Crises in Creation
E. L. Lovering, Ilfracombe
The series commencing under this general title aims to present suggestive outlines on the book of Genesis in the following form:
Crises in creation, chs. 1-11
- God’s Handiwork, 1-2.
- Sin’s Entry, 3-4.
- Man’s Destruction, 5-10.
- Shinar’s Plain, 11.
Heroes in history, chs. 12-50
- Abraham, 12-25.
- Isaac, 25-27.
- Jacob, 27-37.
- Joseph, 37-50.
CRISES IN CREATION 1. God’s Handiwork, 1-2
The purpose of this section of Genesis is not to give a scientific theory of creation, but to state the fact that one God created all things. The title “Genesis” (Greek) means “origin”, and the first word in the Hebrew is the word for “beginning”.
Author of creation. “In the beginning God . . Genesis 1 describes not so much the greatness of creation as the wisdom and power of the Creator. The Bible is essentially the revelation of God to man, in creation, in history and in redemption. The only explanation of the origin and the process of creation is God.
Authority in creation. “God said . . . and it was so”. The record bears the stamp of sovereignty. God’s word is but the expression of His will - He willed and it was done. Note: God created, 1. 1; God moved, 1. 2; God said, 1. 3; God divided, 1. 4; God called, 1.5.
Agent in creation. “All things were made by him”, John 1. 3. The New Testament reveals that the Word of God was none other than the Son of God. He “is the image of the invisible God, the firstborn of all creation; for in him were all things created, in the heavens and upon the earth, things visible and things invisible, whether thrones or dominions or principalities or powers: all things have been created through him, and unto him; and he is before all things, and in him all things consist (hold together, marg.)”, Col. 1. 15-17 R.V. He is Creator and Controller, and it is often easier to make than to control. Gunpowder is simple to make but is difficult to control. Think of the power which controls the universe!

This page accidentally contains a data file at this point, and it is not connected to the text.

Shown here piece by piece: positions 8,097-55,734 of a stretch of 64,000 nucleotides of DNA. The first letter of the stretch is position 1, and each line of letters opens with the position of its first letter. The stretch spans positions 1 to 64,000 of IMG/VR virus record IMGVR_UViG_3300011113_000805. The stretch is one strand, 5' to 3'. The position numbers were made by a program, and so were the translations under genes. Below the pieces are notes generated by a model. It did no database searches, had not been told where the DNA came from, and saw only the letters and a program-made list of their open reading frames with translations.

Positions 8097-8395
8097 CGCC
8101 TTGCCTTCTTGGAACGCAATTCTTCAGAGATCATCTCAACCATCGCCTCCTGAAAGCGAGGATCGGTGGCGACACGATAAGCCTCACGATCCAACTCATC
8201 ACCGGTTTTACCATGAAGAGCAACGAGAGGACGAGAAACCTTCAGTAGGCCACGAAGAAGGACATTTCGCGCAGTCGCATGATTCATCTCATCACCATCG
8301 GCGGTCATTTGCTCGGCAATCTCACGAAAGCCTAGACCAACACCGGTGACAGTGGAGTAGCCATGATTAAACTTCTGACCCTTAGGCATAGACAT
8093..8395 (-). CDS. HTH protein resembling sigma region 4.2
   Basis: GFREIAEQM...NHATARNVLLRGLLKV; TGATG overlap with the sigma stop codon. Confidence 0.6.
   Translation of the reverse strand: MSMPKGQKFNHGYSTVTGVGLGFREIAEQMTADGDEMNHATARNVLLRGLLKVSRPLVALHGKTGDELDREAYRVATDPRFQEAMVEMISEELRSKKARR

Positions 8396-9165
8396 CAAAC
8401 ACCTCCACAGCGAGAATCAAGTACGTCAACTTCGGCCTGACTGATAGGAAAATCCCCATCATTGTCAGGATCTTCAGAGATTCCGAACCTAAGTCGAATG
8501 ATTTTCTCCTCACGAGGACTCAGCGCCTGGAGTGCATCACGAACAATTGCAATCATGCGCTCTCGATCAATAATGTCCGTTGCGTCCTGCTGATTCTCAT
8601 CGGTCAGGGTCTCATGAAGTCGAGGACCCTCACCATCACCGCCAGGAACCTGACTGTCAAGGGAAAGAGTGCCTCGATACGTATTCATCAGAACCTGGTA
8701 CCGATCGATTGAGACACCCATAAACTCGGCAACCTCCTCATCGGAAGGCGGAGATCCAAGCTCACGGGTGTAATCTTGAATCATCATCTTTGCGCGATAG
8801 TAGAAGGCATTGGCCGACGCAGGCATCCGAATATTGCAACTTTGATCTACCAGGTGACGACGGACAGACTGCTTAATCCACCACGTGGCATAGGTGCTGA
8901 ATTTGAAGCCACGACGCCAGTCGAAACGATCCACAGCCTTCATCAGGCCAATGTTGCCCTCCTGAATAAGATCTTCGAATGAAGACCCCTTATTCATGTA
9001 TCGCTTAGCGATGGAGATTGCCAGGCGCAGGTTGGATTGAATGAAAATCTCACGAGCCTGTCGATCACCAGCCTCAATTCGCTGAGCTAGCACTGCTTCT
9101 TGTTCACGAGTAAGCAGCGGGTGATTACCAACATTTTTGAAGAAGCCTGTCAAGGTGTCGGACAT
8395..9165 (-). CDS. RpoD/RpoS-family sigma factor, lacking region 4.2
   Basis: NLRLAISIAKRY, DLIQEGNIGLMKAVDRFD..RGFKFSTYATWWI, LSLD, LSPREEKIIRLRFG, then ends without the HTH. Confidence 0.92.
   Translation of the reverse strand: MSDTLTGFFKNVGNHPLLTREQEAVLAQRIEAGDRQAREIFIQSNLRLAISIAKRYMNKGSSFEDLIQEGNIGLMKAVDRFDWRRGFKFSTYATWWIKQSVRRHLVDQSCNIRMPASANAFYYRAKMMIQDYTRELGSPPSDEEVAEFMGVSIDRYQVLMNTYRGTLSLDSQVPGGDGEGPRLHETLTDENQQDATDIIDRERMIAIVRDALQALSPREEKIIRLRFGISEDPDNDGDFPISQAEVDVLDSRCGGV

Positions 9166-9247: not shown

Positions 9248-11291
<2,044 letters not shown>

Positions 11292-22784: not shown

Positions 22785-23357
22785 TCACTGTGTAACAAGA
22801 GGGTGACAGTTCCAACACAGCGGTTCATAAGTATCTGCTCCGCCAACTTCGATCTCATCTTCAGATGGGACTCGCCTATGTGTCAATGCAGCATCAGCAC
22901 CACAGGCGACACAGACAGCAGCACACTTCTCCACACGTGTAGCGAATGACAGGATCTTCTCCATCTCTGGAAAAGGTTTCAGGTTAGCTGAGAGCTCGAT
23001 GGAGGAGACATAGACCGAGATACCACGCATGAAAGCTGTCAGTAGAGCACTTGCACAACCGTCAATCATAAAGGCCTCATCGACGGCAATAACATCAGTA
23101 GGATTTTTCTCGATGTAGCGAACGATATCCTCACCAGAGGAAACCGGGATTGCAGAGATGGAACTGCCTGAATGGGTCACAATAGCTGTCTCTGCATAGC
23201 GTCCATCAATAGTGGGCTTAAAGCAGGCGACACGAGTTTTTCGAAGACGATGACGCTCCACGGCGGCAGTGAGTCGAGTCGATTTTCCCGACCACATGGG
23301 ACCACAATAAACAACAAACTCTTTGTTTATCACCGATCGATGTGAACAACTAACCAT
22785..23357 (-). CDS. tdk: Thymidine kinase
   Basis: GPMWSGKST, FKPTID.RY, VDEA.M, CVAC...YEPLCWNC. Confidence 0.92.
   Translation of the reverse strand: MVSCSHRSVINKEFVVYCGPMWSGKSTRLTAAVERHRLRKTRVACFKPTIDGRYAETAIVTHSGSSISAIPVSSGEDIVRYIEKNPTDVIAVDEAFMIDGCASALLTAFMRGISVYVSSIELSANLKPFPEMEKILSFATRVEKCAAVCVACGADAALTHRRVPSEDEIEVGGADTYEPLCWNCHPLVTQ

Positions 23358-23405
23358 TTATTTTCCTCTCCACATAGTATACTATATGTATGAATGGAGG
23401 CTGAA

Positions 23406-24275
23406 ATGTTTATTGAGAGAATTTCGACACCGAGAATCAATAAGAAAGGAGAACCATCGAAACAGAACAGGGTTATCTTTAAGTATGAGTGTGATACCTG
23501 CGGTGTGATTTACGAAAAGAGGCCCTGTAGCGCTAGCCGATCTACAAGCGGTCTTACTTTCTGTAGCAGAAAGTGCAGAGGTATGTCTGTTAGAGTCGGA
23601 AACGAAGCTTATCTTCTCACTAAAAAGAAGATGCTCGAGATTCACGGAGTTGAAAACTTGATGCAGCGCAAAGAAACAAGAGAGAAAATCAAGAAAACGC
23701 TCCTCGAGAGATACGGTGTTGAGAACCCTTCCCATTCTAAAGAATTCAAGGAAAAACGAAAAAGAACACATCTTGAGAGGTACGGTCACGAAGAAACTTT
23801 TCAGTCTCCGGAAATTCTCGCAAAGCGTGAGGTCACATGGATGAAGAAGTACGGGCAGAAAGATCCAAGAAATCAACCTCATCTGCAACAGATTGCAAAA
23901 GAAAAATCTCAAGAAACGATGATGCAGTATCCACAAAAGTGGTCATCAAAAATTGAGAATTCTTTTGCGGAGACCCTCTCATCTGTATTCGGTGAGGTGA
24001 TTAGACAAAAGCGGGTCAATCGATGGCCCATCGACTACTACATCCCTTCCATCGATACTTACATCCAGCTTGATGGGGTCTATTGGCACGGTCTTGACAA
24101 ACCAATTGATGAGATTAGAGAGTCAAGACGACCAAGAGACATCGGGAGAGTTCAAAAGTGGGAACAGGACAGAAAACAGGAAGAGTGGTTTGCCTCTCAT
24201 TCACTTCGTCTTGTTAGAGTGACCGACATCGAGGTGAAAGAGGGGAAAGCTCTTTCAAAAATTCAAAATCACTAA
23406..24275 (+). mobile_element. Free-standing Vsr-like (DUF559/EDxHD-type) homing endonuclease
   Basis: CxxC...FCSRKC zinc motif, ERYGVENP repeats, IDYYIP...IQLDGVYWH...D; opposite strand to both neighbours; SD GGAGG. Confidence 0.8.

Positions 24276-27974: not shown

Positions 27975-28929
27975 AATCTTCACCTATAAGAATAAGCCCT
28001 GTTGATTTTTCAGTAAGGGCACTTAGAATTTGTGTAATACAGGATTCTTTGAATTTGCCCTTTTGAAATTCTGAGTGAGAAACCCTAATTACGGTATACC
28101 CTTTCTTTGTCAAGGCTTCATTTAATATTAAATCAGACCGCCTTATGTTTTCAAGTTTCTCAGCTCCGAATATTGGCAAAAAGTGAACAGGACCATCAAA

Accomplishment in creation. “God saw that it was good”. The phrase recurs in the record to emphasise the completeness and the perfection of God’s work. What God had willed, He had performed to His satisfaction. How often this is not the case with man, the result of whose labours may fall so far short of his original intention. The sabbath rest symbolises not God’s need of repose but rather the perfect accomplishment of His purpose - He could rest because His work was finished. As for God “his work is perfect”, Deut. 32. 4.
Advance in creation. “And there was evening and there was morning”, R.V. God’s method was progressive. All could have been brought about by one word and one act; but God chose to advance His work in stages, one stage resting upon another, each in itself complete. There were “steps” not “leaps” until the edifice was complete.
Apex of creation. “Let us make man in our image”. This is the climax of God’s creation. The work of the days was an obvious preparation for the appearance of man. There was light, air, water, herbage, fruit, seasons, fish of the sea, fowls of the air and cattle of the field - man was to have dominion over all, 1. 28. Note that God no longer says “Let there be” in relation to man’s creation, but “Let us make man”. Here is the great gulf between man and beast; he is made in the image of God and as the result of divine counsel. No living creature could form a helpmeet for him, but God created them, male and female, 1. 27. Both stand side by side, on one level before God. Adam’s commission implied domination, multiplication, subjugation, cultivation, 1. 28; see also Ps, 8; Heb. 2. 5-9.